False logic is when one observes that B follows A and concludes that A must be the cause of B. What may not be observed is that C may be the cause of both A and B but because C is not easily observed it isn’t implicated through casual observation.
Having said that ...


I Need Friends

I’ve been trying to make a decision lately about friends. Actually, I’ve made a few decisions about friends already. I’ve decided I need friends, so I’m trying to keep the ones I have. I’ve also decided I want some more.
So what decision is left to make?
I’m pondering the type of friends I want. Should they be ADHDers? Or should they be non-ADHDers? And what would the difference be?

I’ve decided to write this post as an exploration of the problem. My hope is that the answer will become clear to me by the time I’ve finished writing it.

Adult ADHD

The Glass Walls of ADHD ~ Part II: Post-diagnosis

In Wednesday’s blog post, we talked about life with ADHD, without a diagnosis. Today I want to point out some of the problems that may result from having a diagnosis, more glass walls.
I was better off before my diagnosis
Yes, I know, I’m always saying that getting a diagnosis is important. I tell people that they need the foundation of assurance. I tell them there are disorders and contexts that can mimic or intensify ADHD symptoms. I tell them knowledge is power. And all that is true, but I wouldn’t sell you a car without telling you that it needs maintenance and comes with other expenses that you’ll need to be aware of (not that I’m selling ADHD here).

Adult ADHD

The Glass Walls of ADHD ~ Part I: Prediagnosis

For the first 50 years of my life ADHD held me back, but I didn’t know it. It wasn’t good. All my running in one spot was frustrating. With a concerted effort I could make progress, but only so much progress and only for so long. The strain of concentrating on one objective was overwhelming, and often I’d fall behind in other ways.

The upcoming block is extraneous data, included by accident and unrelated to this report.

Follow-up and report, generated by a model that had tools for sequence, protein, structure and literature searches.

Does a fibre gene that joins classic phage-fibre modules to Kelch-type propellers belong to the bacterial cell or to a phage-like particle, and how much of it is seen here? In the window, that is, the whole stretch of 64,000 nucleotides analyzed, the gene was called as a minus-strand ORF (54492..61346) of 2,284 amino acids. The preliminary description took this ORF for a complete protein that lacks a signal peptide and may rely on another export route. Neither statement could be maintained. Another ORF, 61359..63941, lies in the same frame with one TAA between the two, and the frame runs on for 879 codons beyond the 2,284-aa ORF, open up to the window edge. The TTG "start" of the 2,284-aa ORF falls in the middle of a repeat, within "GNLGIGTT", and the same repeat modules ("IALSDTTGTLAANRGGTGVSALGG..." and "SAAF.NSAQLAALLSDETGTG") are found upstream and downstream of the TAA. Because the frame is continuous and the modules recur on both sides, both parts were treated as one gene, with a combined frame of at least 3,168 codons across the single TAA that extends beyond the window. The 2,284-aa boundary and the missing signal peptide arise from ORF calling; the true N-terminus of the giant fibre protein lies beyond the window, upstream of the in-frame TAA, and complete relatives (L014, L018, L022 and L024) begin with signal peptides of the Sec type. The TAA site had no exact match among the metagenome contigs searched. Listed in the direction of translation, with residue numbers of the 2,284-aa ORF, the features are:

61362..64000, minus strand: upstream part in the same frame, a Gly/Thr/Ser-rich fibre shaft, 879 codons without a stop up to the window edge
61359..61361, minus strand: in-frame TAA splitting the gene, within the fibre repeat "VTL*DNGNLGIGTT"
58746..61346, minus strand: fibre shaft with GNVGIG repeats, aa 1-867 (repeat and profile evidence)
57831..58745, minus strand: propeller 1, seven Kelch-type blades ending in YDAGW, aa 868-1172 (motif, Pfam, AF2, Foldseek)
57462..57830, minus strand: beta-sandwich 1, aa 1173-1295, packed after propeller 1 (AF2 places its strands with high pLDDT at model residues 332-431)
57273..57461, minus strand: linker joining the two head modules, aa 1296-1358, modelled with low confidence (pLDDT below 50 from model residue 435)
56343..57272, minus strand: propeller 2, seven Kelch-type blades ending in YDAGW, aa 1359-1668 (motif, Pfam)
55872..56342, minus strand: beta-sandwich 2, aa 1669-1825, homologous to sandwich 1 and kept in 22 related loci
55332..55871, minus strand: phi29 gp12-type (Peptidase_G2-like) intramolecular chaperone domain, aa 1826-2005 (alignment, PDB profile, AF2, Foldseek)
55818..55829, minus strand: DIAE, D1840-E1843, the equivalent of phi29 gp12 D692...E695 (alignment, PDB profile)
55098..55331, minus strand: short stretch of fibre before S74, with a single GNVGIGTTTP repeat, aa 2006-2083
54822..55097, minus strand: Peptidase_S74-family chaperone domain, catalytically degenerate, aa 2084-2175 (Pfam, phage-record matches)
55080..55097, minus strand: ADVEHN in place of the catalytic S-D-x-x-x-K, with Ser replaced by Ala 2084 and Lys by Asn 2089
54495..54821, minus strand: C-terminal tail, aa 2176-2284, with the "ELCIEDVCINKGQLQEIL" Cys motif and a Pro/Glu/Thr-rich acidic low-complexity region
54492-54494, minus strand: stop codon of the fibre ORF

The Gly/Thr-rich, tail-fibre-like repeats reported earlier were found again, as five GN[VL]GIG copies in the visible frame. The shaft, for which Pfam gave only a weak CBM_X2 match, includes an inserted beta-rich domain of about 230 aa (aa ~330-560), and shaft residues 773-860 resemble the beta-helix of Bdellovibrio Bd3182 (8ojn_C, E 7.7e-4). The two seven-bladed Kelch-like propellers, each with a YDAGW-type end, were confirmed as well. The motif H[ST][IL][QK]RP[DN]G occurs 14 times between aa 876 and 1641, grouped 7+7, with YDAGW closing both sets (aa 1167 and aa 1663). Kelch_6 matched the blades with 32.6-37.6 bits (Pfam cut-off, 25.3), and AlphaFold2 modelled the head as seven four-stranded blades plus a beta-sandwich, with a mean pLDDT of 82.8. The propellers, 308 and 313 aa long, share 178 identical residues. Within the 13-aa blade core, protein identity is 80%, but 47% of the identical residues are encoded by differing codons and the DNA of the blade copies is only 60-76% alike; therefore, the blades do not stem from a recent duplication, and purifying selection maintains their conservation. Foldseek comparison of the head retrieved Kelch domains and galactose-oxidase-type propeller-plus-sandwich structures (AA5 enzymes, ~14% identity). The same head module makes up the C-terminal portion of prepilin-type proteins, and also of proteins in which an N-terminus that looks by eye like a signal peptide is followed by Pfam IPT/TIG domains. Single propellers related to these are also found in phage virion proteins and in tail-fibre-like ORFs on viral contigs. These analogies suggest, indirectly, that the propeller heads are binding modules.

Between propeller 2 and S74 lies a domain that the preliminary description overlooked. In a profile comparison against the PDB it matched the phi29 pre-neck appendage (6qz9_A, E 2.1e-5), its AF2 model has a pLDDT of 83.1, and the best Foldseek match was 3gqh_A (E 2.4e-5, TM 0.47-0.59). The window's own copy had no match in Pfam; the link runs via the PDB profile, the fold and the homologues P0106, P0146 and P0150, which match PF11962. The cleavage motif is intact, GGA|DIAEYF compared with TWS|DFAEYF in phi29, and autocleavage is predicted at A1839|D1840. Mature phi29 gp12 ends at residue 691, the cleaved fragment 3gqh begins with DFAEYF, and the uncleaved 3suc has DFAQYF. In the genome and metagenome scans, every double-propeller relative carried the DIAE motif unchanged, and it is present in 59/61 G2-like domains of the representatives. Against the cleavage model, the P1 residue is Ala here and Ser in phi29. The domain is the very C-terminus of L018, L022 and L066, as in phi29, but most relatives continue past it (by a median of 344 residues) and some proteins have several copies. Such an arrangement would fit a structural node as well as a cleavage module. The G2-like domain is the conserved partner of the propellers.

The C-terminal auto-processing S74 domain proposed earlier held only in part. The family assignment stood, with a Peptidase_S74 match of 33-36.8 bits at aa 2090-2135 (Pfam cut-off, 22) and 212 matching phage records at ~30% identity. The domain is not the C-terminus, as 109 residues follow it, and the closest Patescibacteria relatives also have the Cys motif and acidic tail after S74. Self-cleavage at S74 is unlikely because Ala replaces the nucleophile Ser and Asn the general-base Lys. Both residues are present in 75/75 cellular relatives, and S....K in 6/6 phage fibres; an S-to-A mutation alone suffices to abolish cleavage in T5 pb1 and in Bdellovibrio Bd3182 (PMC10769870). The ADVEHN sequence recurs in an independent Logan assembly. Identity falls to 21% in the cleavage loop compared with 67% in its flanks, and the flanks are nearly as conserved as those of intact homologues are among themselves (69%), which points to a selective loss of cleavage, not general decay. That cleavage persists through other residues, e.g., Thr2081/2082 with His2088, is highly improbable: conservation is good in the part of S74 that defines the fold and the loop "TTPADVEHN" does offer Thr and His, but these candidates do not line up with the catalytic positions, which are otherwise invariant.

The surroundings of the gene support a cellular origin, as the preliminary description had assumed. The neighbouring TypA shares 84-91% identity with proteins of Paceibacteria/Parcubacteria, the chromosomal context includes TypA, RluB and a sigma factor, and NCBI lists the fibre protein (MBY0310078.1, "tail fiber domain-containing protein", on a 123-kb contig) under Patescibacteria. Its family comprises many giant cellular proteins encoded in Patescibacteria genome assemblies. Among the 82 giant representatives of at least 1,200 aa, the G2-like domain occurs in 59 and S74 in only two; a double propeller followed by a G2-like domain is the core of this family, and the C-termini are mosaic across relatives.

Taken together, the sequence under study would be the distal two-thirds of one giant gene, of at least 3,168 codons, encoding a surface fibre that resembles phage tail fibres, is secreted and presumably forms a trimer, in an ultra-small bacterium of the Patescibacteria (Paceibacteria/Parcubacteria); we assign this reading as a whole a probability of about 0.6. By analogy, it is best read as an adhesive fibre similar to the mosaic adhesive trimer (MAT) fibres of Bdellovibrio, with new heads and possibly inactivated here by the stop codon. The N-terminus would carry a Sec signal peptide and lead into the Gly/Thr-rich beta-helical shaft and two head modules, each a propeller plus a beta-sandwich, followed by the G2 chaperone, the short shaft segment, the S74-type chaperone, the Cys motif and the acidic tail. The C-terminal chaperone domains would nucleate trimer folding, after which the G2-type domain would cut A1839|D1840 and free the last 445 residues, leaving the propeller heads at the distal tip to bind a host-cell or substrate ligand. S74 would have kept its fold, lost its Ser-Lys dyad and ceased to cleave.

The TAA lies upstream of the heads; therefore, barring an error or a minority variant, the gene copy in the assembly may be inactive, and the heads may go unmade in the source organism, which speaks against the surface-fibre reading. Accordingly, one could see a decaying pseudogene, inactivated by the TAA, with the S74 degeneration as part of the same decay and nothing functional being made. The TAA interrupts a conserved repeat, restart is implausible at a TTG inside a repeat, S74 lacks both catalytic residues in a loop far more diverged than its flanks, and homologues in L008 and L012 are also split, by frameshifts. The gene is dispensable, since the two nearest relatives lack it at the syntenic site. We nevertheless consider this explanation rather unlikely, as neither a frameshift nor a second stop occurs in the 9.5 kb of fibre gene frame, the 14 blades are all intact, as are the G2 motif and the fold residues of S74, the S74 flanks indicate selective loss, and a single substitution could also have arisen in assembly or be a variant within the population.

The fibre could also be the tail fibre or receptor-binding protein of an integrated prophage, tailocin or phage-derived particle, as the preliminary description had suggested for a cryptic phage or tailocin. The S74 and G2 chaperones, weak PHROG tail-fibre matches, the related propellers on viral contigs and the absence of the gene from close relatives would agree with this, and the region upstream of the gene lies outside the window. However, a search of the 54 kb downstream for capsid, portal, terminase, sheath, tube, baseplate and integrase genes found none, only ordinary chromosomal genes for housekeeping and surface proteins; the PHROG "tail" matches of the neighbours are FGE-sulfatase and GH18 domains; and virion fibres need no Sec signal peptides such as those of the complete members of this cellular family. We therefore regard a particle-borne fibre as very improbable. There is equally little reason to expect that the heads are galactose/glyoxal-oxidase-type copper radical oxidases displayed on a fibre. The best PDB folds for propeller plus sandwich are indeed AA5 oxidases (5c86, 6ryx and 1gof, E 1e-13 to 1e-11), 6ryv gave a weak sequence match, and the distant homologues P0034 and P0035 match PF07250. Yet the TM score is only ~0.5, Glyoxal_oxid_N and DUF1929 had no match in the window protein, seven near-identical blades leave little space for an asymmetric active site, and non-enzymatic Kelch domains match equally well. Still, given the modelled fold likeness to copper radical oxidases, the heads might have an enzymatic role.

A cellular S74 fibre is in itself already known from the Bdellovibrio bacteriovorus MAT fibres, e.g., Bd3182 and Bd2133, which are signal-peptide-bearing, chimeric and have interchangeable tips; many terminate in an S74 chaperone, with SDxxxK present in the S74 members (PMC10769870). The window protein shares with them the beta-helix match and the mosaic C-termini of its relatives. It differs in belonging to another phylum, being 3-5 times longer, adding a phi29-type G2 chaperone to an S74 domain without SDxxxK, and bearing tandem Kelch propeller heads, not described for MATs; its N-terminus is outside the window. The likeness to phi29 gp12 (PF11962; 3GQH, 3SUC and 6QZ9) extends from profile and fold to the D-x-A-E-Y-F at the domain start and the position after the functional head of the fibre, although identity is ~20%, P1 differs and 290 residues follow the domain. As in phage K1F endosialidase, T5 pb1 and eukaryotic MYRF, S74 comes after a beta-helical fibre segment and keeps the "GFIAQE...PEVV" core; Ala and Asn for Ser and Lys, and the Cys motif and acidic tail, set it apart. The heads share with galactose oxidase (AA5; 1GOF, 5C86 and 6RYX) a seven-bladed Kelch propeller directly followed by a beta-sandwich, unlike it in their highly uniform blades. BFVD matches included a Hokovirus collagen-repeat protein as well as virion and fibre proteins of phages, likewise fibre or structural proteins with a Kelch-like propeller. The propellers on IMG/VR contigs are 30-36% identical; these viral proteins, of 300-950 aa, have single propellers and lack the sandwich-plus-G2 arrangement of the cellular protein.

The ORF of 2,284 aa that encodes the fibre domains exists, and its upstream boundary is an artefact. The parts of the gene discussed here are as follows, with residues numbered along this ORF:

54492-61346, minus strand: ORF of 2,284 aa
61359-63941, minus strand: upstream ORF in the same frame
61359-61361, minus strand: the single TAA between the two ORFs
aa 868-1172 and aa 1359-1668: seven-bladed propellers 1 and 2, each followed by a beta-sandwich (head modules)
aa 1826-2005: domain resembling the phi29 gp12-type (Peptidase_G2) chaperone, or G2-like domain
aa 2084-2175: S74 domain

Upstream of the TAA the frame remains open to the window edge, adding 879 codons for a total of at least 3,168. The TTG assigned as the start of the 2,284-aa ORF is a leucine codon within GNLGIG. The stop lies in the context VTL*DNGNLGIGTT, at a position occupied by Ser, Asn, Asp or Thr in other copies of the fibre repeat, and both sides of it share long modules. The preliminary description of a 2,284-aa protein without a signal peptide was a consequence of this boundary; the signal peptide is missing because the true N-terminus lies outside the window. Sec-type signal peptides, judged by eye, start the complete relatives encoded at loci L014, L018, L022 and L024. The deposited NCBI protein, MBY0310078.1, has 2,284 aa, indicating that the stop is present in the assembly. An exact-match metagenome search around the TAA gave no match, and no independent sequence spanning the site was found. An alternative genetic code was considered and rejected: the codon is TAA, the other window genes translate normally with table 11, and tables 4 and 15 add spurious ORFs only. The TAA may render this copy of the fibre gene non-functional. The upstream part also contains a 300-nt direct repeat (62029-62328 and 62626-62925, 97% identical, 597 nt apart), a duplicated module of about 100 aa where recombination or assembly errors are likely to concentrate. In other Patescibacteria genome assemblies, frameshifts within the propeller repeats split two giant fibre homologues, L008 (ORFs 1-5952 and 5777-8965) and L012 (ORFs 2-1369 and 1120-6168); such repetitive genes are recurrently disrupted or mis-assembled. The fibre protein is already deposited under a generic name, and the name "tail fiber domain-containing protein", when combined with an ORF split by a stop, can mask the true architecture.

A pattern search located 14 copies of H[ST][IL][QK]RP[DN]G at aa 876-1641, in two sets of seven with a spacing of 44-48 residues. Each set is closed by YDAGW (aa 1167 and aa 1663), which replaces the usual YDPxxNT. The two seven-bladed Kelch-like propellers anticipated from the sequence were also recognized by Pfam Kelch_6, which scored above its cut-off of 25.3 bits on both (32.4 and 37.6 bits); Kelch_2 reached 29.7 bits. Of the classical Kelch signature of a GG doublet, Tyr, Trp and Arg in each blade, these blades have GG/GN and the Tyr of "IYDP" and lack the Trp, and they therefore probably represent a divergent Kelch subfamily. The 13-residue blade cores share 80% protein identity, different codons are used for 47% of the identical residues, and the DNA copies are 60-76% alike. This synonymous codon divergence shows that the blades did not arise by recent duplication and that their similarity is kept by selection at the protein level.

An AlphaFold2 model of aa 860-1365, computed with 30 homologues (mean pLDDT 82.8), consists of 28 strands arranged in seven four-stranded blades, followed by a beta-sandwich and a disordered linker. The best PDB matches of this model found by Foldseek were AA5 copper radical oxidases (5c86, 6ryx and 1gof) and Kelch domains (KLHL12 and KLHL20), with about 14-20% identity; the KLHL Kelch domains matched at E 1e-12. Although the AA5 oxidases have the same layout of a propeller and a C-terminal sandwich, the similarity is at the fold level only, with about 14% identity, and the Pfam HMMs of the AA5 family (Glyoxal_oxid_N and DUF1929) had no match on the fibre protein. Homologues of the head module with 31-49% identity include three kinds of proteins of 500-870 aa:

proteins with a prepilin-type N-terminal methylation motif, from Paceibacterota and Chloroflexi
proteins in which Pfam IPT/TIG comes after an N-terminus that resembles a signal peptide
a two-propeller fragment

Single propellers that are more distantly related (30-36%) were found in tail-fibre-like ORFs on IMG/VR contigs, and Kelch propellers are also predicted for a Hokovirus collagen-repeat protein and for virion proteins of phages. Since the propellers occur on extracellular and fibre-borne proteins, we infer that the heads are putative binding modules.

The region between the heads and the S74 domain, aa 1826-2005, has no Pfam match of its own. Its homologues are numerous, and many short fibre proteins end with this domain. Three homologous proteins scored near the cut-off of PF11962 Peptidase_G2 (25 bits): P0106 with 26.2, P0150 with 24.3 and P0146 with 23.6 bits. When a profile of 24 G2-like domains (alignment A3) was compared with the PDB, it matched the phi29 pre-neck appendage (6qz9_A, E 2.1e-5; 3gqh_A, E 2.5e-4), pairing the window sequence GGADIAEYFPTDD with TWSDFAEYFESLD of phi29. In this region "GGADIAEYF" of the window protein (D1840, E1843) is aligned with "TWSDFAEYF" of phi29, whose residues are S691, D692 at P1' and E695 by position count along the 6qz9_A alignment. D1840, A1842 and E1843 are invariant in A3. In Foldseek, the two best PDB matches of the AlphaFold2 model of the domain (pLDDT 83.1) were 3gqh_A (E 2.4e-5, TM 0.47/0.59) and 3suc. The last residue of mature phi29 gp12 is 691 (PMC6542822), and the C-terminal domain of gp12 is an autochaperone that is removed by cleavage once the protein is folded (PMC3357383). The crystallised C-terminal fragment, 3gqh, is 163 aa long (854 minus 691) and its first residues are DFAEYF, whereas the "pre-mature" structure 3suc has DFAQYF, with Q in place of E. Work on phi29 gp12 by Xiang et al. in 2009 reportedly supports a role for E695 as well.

I never stopped to wonder why “making progress” wasn’t a state of being I could achieve and maintain. I mean, should I not have been able to become a progressive person who could set a course for constant improvement, advancement and promotion?

Why couldn’t I just, in my own awkward way, move not only through, but also ahead in life?


The ADHD Haunted Halloween House of Horrors and Symptoms

I’m having some difficulty trying to decide what to do tonight. It’s Halloween of course, and the obvious answer is to either get dressed up in costume and go out trick or treating, or stay in with a bucket of treats and answer the door.

In fairness, there’s also the option to stay home, bolt the door, kill the lights, hide in the basement and eat candy by the bucket full. I suppose I could also not get dressed in costume but still go out.
Is ADHD a trick or a treat?
Is ADHD a trick or a treat?
All this wondering about Halloween has reminded me of the “gift or curse” discussions surrounding ADHD.  So I thought I’d list some of the more common symptoms of ADHD here and try again to decide whether they are tricks or treats.


ADHD Brain/Dog Brain/Man Brain

I am a man. And I am a man with ADHD. I’m also a reasonably intelligent man, but I’m still just a man (I can hear all you women out there nodding your heads).

What this means is that I have a dog brain. And now I’ll apologize to the dogs out there. What I mean is I have a brain that works like the brain of an excited dog. Not very well.

Okay, true, I can do some fairly complicated math in my head. I can hold all manner of trivial info there. I can problem solve with the best of them but when it comes to emotion, I’m lost.
“And why is that?” you might ask. Well, let me explain ...